That Wiseman Quote

Richard Wiseman is a british psychologist known for his pop-sci books as well as his skeptical interest in paranormal claims. The Daily Mail quotes him thusly:

“I agree that by the standards of any other area of science that remote viewing is proven, but begs the question: do we need higher standards of evidence when we study the paranormal? I think we do.

“If I said that there is a red car outside my house, you would probably believe me.

“But if I said that a UFO had just landed, you’d probably want a lot more evidence.

“Because remote viewing is such an outlandish claim that will revolutionise the world, we need overwhelming evidence before we draw any conclusions. Right now we don’t have that evidence.”

This is frequently quoted by believers in the paranormal as support for their position. The spin is that Wiseman, the skeptic, admits that something paranormal is proven but then resorts to a double standard to deny this.

Is there any truth to this?

Those who know Wiseman will know he is usually a rather rational person. Those who know the Daily Mail will know that it is not the most sober or reliable newspaper, that is to say a british tabloid. One suspects that the quote was simply mangled beyond recognition.

Surely remote viewing is disproven by any normal standard! Besides what’s that talk about different standards in different areas of science? I think we can infer that he is not talking about having different standards in different sciences but rather for different claims. Also, he’s misusing the phrase begs the question.

And finally, I assume that when he talks about “revolutionising the world” he talks about the scientific world. IE he means that this would uncover glaring and massive holes and/or errors in our understanding rather than that it simply would unlock new technologies.

New technologies, of course, don’t require extraordinary evidence, they are extraordinary evidence. Everyone can test if they work. Those who employ new, effective techniques profit, the rest gets left behind.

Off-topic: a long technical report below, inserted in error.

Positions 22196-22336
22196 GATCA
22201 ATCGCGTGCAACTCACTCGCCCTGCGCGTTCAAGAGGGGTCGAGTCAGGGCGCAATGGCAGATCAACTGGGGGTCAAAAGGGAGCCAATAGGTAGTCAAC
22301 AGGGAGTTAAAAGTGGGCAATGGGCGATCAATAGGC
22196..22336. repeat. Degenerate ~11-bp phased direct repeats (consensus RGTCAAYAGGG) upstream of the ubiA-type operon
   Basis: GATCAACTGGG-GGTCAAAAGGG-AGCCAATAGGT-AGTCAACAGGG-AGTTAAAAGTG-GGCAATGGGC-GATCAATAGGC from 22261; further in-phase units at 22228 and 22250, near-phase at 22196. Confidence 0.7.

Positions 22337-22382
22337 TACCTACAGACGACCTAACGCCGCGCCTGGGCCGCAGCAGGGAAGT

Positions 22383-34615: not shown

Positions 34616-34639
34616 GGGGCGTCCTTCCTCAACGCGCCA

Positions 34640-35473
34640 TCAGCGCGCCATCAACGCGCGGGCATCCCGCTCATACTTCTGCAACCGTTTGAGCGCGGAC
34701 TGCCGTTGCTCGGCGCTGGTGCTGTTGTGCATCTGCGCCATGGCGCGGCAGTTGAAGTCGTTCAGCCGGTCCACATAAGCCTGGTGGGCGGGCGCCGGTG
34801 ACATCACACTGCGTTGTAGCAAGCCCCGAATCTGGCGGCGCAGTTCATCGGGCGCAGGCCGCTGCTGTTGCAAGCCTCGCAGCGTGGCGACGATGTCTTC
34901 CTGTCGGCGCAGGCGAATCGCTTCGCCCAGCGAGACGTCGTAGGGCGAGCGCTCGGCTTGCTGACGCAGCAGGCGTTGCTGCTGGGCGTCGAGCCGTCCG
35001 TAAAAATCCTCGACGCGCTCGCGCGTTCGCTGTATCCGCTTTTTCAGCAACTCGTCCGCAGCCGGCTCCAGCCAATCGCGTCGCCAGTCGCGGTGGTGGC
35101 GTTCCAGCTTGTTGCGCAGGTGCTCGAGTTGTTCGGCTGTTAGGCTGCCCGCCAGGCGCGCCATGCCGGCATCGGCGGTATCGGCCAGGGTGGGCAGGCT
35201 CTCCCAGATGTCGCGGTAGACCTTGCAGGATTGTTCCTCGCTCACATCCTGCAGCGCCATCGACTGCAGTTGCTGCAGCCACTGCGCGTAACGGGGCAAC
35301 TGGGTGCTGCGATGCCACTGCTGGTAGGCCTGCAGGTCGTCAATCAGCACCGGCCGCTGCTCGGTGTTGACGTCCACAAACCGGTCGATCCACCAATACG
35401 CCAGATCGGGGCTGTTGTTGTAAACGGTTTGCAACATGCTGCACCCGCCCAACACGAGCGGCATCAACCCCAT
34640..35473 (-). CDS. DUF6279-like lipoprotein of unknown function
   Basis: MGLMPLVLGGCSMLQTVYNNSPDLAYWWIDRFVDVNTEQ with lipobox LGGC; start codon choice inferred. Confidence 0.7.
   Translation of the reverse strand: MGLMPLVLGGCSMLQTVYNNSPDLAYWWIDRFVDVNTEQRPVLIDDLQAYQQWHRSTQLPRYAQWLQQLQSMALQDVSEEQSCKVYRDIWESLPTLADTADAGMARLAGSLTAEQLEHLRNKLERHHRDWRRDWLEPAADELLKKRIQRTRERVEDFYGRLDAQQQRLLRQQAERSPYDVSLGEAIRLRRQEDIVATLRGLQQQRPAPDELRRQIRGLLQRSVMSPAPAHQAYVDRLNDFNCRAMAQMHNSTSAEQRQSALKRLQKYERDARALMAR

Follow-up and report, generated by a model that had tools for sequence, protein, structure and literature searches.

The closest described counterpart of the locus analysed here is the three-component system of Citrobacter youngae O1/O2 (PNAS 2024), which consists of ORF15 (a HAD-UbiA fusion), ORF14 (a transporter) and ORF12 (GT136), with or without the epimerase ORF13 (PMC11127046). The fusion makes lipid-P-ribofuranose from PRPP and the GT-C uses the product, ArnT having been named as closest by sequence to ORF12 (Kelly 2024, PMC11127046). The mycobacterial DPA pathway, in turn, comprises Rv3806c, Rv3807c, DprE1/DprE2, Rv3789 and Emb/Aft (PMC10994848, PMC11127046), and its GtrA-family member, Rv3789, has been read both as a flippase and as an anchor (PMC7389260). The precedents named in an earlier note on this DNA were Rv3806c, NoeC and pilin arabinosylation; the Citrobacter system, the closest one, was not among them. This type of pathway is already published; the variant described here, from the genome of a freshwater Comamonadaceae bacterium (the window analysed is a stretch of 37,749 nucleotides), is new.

A misquote?

The misquotation hypothesis receives a partial confirmation on another blog where Wiseman clarifies thusly:

“It is a slight misquote, because I was using the term in the more general sense of ESP — that is, I was not talking about remote viewing per se, but rather Ganzfeld, etc as well.  I think that they do meet the usual standards for a normal claim, but are not convincing enough for an extraordinary claim.”

So he is not talking about remote viewing but instead about something else. Unfortunately it is quite unclear what.

It doesn’t look like there is any real clarification from Wiseman forthcoming. I don’t know what he really meant to say and who was responsible for mangling it but I will critique it anyways.

“Extraordinary claims require extraordinary evidence” is a truism that I have previously justified. An extraordinary claim is one that is unlikely to be true. And this likelihood is something we judge from our previous knowledge. Taking this into account we could render the Wiseman quote like so:

“If ESP had still more evidence going for it, it would be proven.”

Or as:

“ESP would be proven if there was not also a lot of counter-evidence.”

Both statements are true but not very sensible.

Wiseman, according to a JREF thread, specifically mentions psychology as a realm where normal claims have as much evidence as whatever he was talking about. The exchange between the poster and Wiseman went so:

Kuko 4000:
The existing RV database does not convince you, ok. But at the same time you seem to say that RV has been proven by scientific standards, now I’m confused. I would really appreciate a “clarification-for-dummies”, so to speak
This could be an issue with my understanding of science or it could be a matter of language barrier, but I’m having problems getting my head around this. Do you mean that by the standards of any other area of science, say biology, evidence of similar quality would be considered scientifically convincing? If so, could you please direct me to the research so I could look it up for myself?
Richard:
yes, it is different standards for different types of claims
so, a normal scientific claims requires a certain level of proof, but a paranormal one requires a higher level